Work had been great. There had been no accidents. He was still gainfully employed. My project and my lack of communication concerning it - this had been the devastating news for his day.

I was mystified by his inability to see the goodness in all of it.

Since then, we have had a lot of conversations about the importance of communicating the ideas we have to one another.

Our prayers are heard and understood, not because we are eloquent but because of the work of God.

I miscommunicated in many ways. The biggest ‘miscommunication’ was not using my words. I didn’t even tell him of my grand ideas. I had made assumptions because of my background that did not line up with his growing up years. It was obvious to me that we would continue work. It was obvious to him we would halt all home projects during the busy spring season. We had only been married for three years, and we were still learning about one another. After eleven years, we are still learning how to communicate with one another.

The kitchen remodel is not an isolated incident. We have had numerous miscommunications and will have them until one of us no longer walks this earth. Miscommunications happen both with those we know casually as well as with those we know intimately.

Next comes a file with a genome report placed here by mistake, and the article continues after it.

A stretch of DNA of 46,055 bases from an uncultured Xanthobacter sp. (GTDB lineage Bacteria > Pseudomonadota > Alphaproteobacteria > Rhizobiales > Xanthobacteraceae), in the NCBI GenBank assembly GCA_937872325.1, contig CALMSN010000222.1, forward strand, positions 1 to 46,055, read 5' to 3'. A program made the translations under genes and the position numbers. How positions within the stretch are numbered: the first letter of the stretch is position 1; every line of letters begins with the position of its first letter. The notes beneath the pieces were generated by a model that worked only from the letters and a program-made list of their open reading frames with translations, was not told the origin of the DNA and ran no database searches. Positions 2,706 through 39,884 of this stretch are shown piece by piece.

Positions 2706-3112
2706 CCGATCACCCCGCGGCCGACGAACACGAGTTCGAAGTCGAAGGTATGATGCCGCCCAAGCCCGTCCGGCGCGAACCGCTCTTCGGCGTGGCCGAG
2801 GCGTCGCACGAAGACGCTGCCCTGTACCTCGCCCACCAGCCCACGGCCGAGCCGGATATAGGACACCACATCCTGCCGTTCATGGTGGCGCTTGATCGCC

I often wonder how prayer is even possible. How can I communicate with God? My words are limited. My knowledge of him is limited. I can’t even communicate with my husband. I sometimes wonder how much I miscommunicate in prayer. I worry about what I can do to make my communications with God better. I wonder what I can do to improve my prayer life. Knowing all the ways communication can go awry leaves me wondering about my words to God.

Even with a degree in communication, a career in public speaking, substitute teaching, and communicating with four very different kids over the years, communicating to God is still daunting to me.

Prayer is something I’m hesitant to do in person. When I pray on my own, I find my thoughts trail off. I find myself making a grocery list or working through a scheduling problem in my head.

We don’t have the same life experiences as God, but he has witnessed each one. We won’t use the right words, but the Holy Spirit is interceding with and for us, as we pray. I’m not always going to form the ideas I have into words well. I will make poor assumptions. I’m learning more and more about who God is every day, but I will never know it all.

Thankfully prayer is not about my ability to communicate my ideas to God. There is not a formula for prayer. We can find all kinds of different pointers on praying, and many of them are a great help: using the Lord’s prayer as a guide, the acronym ACTS, or even journaling our prayers. There are many different ways to help us in our prayer life.

What has given me the most comfort over the years is Romans 8:26 “Likewise the Spirit helps us in our weakness. For we don’t know what to pray for as we ought, but the Spirit himself intercedes for us with groanings too deep for words.”

I’m not praying on my own. The Holy Spirit is interceding with groans too deep for words.

With all that can go wrong in communication, what a comfort it is that we are not praying alone. The Holy Spirit is interceding with groans that will not be misinterpreted by himself or the other parts of himself, the Father or the Son.

Our prayers are heard and understood, not because we are eloquent but because of the work of God.